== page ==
The emphasis on big-data and big-data analytics has focused the predictive analytics discussion on the overwhelming importance of the data itself, rather than the mathematics.
This is not to say that data was never considered important in building predictive analytics solutions. But prior to the big-data hype, much of the emphasis concentrated on mathematics and the need to identify the next breakthrough technology. Putting on our marketing science hats, practitioners would test these new techniques/technologies and determine whether or not they yielded incremental value.
In most cases, these newer techniques/technologies yielded minimal value over and above the traditional multivariate techniques such as logistic regression and multiple regression. But why is this the case if newer techniques and technologies -- in theory -- can produce powerful results, as seen in academic research and other non-business settings?
Business scenarios are different than those in academia and other settings due to the data environment in which the so-called random error component in many cases is quite large. Certainly, this random component is much larger when compared to the more esoteric and pristine data environments that exist within research academia.
In the practical world of business, our ability to explain the actual behavior of our predictive variable is quite small. The more traditional and simple multivariate techniques work quite well under these scenarios, with limited analytics potential delivering acceptable results, while the more advanced techniques yield minimal improvement in performance.
This is best demonstrated by looking at the R2 of a multiple regression equation where the R2 values are well below 10 percent, implying that any predictive analytics solution is only able to explain 10 percent or less of the targeted behavior. With so much unexplained variation, the real risk in employing newer techniques and technologies is that some of this truly unexplained variation now becomes explained.
Overstatement of results is the consequence of this action, with disappointing results being the outcome of an implementation.
Yet, our real opportunity to improve results resides with the data itself. Altering data inputs, or creating new variables, can significantly improve performance.
This is evident by looking at how model performance and R2 will vary significantly by the data inputs or variables used in the model. The notion of putting the right eggs in your basket is the key driver in building effective solutions. This fact results in practitioners spending more time on creating the analytical file and the potential data inputs into any model.
It's not unusual that 80 to 90 percent of the practitioner’s time is spent in this area working on the data, with the remaining time conducting the more advanced routines.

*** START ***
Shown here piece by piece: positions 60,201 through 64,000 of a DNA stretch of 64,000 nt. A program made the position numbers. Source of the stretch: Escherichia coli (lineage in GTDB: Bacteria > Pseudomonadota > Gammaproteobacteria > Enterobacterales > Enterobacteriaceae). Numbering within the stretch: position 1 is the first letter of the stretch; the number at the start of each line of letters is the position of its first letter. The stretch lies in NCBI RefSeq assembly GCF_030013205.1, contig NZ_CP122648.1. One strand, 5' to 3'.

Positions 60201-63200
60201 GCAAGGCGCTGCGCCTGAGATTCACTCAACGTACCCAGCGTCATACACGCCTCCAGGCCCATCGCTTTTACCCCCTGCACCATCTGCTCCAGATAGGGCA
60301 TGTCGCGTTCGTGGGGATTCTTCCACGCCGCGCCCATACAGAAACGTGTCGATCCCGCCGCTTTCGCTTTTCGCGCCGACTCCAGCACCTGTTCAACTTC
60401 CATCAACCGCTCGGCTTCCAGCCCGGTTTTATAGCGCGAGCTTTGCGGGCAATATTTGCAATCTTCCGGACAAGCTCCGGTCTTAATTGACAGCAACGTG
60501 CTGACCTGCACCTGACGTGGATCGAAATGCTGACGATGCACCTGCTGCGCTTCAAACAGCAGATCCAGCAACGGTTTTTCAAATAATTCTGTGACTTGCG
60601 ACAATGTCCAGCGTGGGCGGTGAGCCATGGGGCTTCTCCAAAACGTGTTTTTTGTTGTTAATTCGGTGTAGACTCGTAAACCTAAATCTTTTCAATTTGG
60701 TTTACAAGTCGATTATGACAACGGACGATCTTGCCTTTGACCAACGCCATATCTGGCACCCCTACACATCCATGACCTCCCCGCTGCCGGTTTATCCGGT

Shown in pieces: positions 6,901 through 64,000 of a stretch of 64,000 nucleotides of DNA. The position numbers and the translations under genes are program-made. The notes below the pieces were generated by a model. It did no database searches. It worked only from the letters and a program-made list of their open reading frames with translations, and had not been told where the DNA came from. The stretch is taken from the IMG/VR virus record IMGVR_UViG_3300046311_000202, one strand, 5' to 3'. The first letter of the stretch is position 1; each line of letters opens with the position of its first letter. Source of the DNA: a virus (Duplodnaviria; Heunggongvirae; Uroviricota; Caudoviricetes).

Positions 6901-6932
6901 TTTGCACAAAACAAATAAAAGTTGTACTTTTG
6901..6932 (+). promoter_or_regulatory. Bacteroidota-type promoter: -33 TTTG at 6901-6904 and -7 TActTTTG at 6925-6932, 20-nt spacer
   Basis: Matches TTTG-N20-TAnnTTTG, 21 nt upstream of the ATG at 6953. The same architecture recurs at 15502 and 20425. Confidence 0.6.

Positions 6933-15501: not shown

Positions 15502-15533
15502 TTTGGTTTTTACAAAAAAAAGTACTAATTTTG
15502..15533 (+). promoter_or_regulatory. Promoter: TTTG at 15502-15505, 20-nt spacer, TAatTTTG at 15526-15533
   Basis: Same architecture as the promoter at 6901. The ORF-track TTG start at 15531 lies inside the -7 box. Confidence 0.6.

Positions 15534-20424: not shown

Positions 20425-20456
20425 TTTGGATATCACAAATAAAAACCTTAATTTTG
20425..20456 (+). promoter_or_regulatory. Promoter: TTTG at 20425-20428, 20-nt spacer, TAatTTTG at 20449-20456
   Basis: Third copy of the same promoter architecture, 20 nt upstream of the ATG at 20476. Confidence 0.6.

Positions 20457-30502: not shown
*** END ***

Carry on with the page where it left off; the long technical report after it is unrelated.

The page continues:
Most experienced practitioners welcome the discussion and hype surrounding big-data. It has reinforced the discipline of data, and more importantly, the process of creating the right data environment. New terms, such as data science, now profess to the importance of data within the predictive analytics process. Describing data as a science implies that practitioners undertake a rigorous and methodological approach in dealing with data.
But from a practitioner’s standpoint, is any of this really new? Data as a discipline has always represented the bedrock foundation in the development of any predictive analytics solution, after all. What do you think?
As mentioned, research in labs and academia are pristine environments. In business, it is much more messy. A change in x will cause a change in y, but that might cause an unknown change in A, B,C. In real life, individuals are not pool balls and may not go in the direction you hit them. However, we are getting better at predicting. A lighthouse doesn't get rid of the fog, but it is sure better than no lighthouse at all. I think this is why five years is considered a long-term business plan here in the U.S.
I would agree with you that perhaps the new terms are more consumer-friendly. But I also think that definitions and descriptions regarding predictive analytics discipline have increased significantly due to increased public understanding of the value of analytics. The industry of predictive analytics is no longer the new frontier in business which it was 15 years ago. It is now more mainstream where consultants are attempting to brand the discipline with new terms such as data scientist. Is that really different than a data miner which is what we called ourselves 15-20 years ago.
Hi Richard. I think one the benefits of framing the predictive analytics role in "consumer friendly" terms like big-data and data science makes the whole discipline more approachable for non-practitioners even if behind the scenes things haven't changed much. That's important in overcoming business resistance to using analytics-based decision making.
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